In Rentschler v. Township of Melrose, No. 33633
, the Court of Appeals addressed the issue of whether an individual is entitled to a Principal Residence Exemption (PRE) even though the individual rented the residence for over 14 days in a year. Specifically the court addressed whether the provision of the Michigan Department of Treasury Guidelines for the Principal Resident Exemption program (PRE guidelines) relied on by the Tax Tribunal in denying the petitioner’s PRE was consistent with General Property Tax Act (“GPTA”). The Court of Appeals held it was not.
In this case, David Rentschler (“Petitioner”) applied for a PRE on property located in Boyne City, Michigan. The Township of Melrose (“Respondent”) denied the application reasoning that the property was not Petitioner’s principal residence and the propriety was possibly rented during part of the year. Petitioner appealed to the Michigan Tax Tribunal contesting Respondents decision to deny the PRE. The Tribunal upheld Respondent’s decision relying on the PRE guideline which states that “[I]f an owner rents his property for more than 14 days in a year, the property is not entitled to a principal residence exemption.”
The Court of Appeals disagreed with the decision of the Tribunal holding that the PRE guidelines do not have the force of law, and the PRE guideline relied upon in the Tribunal’s decision was erroneous and inconsistent with the GTPA. In reaching the decision the Court of Appeals stated that the language of MCL 211.7cc(2) is clear and unambiguous in granting tax exemption for a property owners principal residence. The court further stated that MCL211.7cc(3) sets forth multiple scenarios that disqualify a property from perceiving PRE and none of them include renting the property for more than 14 days in a year. In addition to the GTPA failing to deny property from primary residence status for simply being rented for more than 14 days in a year, the Court of Appeals referenced federal income tax law in support of its decision. Under federal income tax law, a piece of property can be used as a primary residence and well as for rental purposes without losing its status as a primary residence.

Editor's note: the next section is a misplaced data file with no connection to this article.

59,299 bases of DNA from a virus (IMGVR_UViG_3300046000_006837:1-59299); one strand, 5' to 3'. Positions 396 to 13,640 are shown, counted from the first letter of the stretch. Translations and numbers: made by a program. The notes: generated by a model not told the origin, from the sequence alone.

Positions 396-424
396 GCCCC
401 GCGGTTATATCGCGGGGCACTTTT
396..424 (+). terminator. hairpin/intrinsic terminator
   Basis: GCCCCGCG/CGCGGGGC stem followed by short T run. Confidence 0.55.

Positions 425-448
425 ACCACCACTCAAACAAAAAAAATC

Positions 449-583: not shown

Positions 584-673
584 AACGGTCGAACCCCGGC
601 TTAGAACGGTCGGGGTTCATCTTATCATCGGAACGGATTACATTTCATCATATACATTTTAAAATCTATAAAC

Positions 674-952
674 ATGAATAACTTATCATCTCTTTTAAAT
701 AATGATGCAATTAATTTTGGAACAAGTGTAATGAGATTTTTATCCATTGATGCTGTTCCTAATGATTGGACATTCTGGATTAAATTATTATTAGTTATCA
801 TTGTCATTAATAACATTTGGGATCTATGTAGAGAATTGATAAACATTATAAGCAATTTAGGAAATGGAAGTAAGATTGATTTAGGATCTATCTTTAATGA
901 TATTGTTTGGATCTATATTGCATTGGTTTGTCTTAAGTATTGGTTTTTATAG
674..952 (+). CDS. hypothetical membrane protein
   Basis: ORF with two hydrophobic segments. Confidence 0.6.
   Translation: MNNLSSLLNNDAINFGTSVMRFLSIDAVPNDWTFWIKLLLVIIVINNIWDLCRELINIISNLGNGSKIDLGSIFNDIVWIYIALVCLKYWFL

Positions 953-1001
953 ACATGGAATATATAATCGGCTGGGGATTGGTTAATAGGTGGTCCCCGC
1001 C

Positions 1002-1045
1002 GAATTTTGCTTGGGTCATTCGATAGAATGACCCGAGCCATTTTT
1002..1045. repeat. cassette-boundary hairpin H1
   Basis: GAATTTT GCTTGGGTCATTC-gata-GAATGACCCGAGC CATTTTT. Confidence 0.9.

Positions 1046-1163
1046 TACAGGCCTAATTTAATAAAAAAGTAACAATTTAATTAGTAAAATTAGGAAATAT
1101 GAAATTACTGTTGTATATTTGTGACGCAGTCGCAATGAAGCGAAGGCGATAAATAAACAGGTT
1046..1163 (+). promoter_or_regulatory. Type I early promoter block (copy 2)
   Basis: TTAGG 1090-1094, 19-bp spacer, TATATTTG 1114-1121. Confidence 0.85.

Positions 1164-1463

Therefore, because the language of the GTPA as it relates to the PRE is clear and unambiguous, the PRE guidelines lack force of law, and federal income tax law allows a piece of property to have a dual purpose without losing its primary residence status, the Court of Appeals overruled the Tribunal and ordered it to enter judgement granting Petitioner’s request for PRE.